Since most people spend a majority of their days at work, worksite wellness is becoming an increased focus of preventive health efforts. In 2009, the Office of Public Health's Heart Disease and Stroke Prevention program developed a pilot worksite wellness initiative, called Wellness for Life, at LDH headquarters. The initiative encourages employees to make healthy decisions by making preventive screenings, information sessions and wellness activities available in the workplace. Last year, the program partnered with the Louisiana Business Group on Health's Wellness Committee to develop a toolkit that will help other employers implement similar worksite wellness programs.
Another critical area of preventive health is tobacco cessation. The LDH Office of Public Health houses the Louisiana Tobacco Control Program, which offers services to help people quit using tobacco products. The program developed the Tobacco-Free School Policy in 2007, encouraging public school districts throughout the state to prohibit the use of tobacco products at any time on any of their districts' campuses, including sporting events, dances or other events on school property. While State laws prohibit anyone under age 18 from using or buying tobacco products, this policy goes a step further, preventing faculty, staff, volunteers, parents or any other adults on school property from using them. So far, 46 of the State's 70 public school districts have enacted the policy.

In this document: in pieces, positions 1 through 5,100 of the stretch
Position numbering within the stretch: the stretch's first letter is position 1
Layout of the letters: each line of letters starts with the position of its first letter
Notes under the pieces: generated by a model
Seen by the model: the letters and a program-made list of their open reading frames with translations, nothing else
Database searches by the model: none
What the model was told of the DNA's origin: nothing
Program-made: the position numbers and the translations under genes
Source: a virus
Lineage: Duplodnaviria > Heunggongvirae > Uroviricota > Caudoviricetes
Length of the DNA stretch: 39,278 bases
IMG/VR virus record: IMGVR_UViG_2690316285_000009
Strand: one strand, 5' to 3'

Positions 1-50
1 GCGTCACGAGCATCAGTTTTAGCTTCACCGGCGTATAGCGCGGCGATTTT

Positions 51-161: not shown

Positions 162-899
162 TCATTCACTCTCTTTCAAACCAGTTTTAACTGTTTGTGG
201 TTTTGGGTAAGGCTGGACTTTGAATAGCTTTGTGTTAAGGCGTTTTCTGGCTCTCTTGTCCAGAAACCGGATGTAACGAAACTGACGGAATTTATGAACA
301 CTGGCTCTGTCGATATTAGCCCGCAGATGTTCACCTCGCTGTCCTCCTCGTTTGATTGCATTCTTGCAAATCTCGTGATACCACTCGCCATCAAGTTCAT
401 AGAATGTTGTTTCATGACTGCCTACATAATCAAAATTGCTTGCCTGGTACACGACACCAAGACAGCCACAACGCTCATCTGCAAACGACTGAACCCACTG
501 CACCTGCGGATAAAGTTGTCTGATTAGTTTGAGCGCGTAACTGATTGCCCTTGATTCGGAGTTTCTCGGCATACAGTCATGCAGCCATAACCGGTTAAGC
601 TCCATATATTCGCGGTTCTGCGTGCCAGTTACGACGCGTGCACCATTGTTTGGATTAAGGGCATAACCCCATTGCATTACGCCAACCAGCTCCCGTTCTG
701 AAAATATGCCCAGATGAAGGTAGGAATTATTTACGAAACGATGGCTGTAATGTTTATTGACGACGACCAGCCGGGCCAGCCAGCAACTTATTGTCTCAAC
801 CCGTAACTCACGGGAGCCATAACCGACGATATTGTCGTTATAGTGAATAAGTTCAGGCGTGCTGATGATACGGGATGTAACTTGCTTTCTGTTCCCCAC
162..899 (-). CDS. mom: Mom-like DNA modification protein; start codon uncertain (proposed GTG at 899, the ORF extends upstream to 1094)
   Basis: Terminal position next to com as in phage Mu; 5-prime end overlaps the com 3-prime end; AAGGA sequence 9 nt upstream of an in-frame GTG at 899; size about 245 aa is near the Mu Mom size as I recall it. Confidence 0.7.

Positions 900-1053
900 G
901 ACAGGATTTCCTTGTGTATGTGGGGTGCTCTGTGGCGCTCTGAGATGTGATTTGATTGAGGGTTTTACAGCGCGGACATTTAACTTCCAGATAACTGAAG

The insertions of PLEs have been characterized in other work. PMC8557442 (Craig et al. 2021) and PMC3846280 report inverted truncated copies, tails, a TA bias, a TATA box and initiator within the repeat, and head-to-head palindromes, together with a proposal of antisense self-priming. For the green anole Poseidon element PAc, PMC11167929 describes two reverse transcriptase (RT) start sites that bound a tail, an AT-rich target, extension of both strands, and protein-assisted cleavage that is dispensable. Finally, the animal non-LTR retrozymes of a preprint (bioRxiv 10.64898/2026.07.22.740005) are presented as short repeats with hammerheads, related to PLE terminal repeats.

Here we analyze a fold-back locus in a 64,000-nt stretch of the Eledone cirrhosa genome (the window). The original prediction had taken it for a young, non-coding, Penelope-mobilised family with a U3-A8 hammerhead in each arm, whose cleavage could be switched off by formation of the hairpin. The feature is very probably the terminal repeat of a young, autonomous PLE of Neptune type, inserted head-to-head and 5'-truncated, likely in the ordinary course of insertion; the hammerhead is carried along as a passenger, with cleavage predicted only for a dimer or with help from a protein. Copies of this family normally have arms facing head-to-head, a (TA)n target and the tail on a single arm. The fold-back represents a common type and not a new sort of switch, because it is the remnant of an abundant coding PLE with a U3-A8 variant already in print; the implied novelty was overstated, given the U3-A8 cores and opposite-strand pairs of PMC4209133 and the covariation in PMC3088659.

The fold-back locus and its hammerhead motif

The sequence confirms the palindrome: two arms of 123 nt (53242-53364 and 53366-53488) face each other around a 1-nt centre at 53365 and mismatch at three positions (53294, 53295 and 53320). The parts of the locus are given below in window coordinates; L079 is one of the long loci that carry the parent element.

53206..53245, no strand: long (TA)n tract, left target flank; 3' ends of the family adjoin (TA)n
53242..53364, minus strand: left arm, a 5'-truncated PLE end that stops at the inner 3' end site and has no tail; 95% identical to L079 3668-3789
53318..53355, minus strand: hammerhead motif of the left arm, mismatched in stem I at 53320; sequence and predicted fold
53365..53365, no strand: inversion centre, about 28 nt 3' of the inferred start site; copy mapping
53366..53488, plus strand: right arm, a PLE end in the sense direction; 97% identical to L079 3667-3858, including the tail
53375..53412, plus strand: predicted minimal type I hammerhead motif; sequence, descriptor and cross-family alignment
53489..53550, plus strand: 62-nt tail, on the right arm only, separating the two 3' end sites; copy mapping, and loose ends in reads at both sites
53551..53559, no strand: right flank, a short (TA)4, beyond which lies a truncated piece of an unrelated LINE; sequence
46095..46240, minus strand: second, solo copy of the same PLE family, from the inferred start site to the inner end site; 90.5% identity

According to LDH's Youth Tobacco Survey, conducted through the Louisiana Tobacco Control Program, the use of tobacco products among middle school students decreased from 11 percent in 2009 to 6 percent in 2011, and smokeless tobacco use (e.g. chewing tobacco) among middle school students decreased from 8 percent to 5 percent. The state's overall youth smoking prevalence among middle and high school students was 16 percent in 2009, compared to the national average of 12 percent.